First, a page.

That joyful noise you hear arising from the Samuel J. Friedman Theatre is the mellifluous tenor of Jeremy Pope, the golden-voiced actor making his Broadway debut in Tarell Alvin McCraney’s tender coming-of-age drama Choir Boy.
You might remember Pope from Choir Boy’s 2013 off-Broadway premiere at Manhattan Theatre Club’s City Center Stage II; thankfully, he’s returned—along with a few other original cast members, including amiable Tony-winner Chuck Cooper (as a no-nonsense headmaster) and a wonderfully rumpled Austin Pendleton (as a wonderfully rumpled professor named Mr. Pendleton)—to lead McCraney’s Choir once more.
When we first meet the magnetic Pope, as Pharus, the bright-eyed leader of the gospel choir at the Charles R. Drew Prep School for Boys, he’s entreating us to “Trust and Obey”—the school song. Behind him, a less-than-Christian fellow choir member is calling him ungodly names under a lyric about walking with the Lord in the light of His Word. Pharus’ concentration cracks, but his voice doesn’t break. “I’ve never missed a key of G since I was 3,” he says later.
McCraney has endowed Pharus with a war chest full of wisecracks, an arsenal of verbal armor to guard against homophobic high school classmates and hypercritical educators. For instance, his quip to Headmaster Marrow (Cooper), whose nephew Bobby (J. Quinton Johnson) was kicked out of the choir: “Oh he was voted off the Island. We serve a democratic Lord in this house.” Or what he calls “locker room talk”—teasing his roommate, AJ (John Clay III), about the size of his, ahem, you know: “This something out the prehistoric times. Need to be tagged and released back to the wild.” (Which of course gets a larger-than-necessary laugh simply because of the phrase “locker room talk.”)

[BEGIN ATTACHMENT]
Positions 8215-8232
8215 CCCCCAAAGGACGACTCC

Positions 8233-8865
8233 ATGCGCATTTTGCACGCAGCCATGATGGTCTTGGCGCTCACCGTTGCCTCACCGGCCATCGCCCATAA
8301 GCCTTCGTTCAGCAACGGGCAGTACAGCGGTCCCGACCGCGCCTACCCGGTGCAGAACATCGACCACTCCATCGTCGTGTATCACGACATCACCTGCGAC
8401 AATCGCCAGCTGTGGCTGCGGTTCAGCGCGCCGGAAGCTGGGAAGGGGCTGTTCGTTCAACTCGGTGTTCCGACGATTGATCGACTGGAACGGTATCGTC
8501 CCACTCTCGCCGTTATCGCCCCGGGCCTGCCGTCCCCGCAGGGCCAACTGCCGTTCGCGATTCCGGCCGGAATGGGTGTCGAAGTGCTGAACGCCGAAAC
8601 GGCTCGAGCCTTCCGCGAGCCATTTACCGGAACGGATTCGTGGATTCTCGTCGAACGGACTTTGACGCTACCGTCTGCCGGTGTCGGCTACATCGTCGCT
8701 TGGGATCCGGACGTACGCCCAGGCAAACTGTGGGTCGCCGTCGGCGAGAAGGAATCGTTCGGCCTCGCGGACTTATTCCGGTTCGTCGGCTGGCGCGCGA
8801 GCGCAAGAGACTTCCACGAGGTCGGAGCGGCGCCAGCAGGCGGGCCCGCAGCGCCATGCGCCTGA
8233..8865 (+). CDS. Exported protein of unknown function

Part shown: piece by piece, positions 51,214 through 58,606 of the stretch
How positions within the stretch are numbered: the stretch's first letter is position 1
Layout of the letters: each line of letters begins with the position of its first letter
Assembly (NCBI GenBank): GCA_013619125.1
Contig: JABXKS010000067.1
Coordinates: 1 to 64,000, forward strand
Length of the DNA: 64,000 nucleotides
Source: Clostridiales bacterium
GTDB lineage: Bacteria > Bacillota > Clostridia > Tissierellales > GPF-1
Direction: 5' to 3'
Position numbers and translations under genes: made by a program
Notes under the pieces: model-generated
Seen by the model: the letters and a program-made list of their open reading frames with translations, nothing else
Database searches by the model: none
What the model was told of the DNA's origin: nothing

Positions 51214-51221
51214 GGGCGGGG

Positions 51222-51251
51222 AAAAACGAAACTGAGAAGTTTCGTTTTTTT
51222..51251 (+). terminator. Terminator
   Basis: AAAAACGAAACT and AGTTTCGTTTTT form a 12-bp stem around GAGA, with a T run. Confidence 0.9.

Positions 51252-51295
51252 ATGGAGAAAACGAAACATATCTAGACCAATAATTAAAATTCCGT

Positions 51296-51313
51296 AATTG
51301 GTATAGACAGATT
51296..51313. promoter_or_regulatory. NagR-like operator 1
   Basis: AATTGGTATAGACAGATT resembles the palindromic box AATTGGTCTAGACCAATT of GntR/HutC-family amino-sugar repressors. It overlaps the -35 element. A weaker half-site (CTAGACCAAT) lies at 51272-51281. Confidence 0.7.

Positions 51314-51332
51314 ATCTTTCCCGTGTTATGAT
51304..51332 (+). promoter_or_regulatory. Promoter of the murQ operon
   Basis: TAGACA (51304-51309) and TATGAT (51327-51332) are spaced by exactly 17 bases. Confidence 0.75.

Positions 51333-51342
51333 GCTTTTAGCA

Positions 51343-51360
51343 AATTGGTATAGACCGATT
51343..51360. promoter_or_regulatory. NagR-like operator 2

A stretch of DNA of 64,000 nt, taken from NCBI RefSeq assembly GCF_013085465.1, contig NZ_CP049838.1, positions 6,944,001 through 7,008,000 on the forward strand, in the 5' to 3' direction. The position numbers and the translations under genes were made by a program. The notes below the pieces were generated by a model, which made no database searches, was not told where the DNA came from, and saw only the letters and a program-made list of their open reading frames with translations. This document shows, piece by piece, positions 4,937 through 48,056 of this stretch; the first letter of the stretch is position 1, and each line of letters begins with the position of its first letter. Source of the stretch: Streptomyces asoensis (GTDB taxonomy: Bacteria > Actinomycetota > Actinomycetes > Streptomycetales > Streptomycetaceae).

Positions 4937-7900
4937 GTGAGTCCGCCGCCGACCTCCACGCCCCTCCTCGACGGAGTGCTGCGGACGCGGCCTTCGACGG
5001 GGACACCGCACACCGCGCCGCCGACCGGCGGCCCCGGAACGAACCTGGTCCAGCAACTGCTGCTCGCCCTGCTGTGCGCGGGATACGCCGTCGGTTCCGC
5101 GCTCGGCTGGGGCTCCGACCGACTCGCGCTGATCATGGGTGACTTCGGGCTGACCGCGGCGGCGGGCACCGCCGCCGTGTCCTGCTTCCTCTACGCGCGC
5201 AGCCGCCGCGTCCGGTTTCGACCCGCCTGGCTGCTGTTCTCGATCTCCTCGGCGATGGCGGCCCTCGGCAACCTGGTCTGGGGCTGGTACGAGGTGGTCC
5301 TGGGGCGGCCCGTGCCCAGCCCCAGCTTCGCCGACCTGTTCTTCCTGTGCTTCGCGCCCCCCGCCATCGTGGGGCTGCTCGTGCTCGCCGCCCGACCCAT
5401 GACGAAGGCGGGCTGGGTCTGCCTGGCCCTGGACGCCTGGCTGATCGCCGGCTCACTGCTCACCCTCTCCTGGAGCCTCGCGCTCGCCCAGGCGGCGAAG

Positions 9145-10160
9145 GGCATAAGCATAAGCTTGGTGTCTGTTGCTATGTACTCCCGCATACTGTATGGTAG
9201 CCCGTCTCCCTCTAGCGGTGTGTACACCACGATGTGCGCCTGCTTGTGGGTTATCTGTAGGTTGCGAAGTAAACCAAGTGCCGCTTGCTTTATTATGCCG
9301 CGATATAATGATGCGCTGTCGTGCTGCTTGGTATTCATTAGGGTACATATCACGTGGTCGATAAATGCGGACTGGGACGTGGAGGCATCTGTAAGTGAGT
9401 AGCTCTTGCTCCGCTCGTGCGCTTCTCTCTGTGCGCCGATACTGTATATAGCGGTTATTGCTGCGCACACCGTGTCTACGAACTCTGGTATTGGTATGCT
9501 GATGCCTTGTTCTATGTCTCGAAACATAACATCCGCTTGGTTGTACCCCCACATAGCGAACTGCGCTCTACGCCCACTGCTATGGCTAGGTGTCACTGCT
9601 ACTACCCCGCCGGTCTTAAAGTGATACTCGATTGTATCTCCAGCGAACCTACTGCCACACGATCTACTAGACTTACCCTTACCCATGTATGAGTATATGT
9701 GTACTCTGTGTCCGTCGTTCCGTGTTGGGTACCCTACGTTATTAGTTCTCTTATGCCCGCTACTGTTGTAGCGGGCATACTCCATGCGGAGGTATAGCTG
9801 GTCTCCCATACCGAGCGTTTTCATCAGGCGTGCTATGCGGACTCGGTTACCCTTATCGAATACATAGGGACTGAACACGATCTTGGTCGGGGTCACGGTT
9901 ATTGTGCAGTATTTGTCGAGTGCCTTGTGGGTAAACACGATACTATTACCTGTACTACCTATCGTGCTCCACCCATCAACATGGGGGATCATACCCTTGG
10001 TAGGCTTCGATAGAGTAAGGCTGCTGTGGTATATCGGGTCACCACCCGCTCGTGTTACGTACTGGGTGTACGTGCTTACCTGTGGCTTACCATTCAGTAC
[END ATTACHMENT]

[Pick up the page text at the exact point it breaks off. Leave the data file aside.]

Not that Pharus doesn’t have depth: Those sassy, rapid-fire quips belie a profoundly wounded, insecure heart—like that of any teenager, gay, straight, or otherwise. (“Every time I turn around there is something that I have done or undone that has me called into question,” Pharus laments to the headmaster.) But as far as portraits of young gay men coming to terms with their sexuality, McCraney has dug deeper, and to greater effect: most recently with Moonlight, 2016’s Academy Award–winning Best Picture, based on his script In Moonlight Black Boys Look Blue (he shared a Best Adapted Screenplay Oscar with the film’s director, Barry Jenkins); and most notably with the Marcus; or the Secret of Sweet, the third play (after The Brothers Size and In the Red and Brown Water) in his bayou-set, mythology-laden Brother/Sister Plays trilogy.
But oh—the songs! Ranging from the sepulchral spiritual “Motherless Child” to the Civil Rights–era folk anthem “Keep Your Eyes on the Prize” (which has been performed by artists as varied as Mavis Staples and Bruce Springsteen), the choral music is rich and rousing. And the choreography—kinetic, forceful movement by Camille A. Brown (Once on This Island)—positively electric. Praise be!
Choir Boy opened Jan. 8 and runs through Feb. 24, 2019, at the Samuel J. Friedman Theatre. Tickets and information: choirboybroadway.com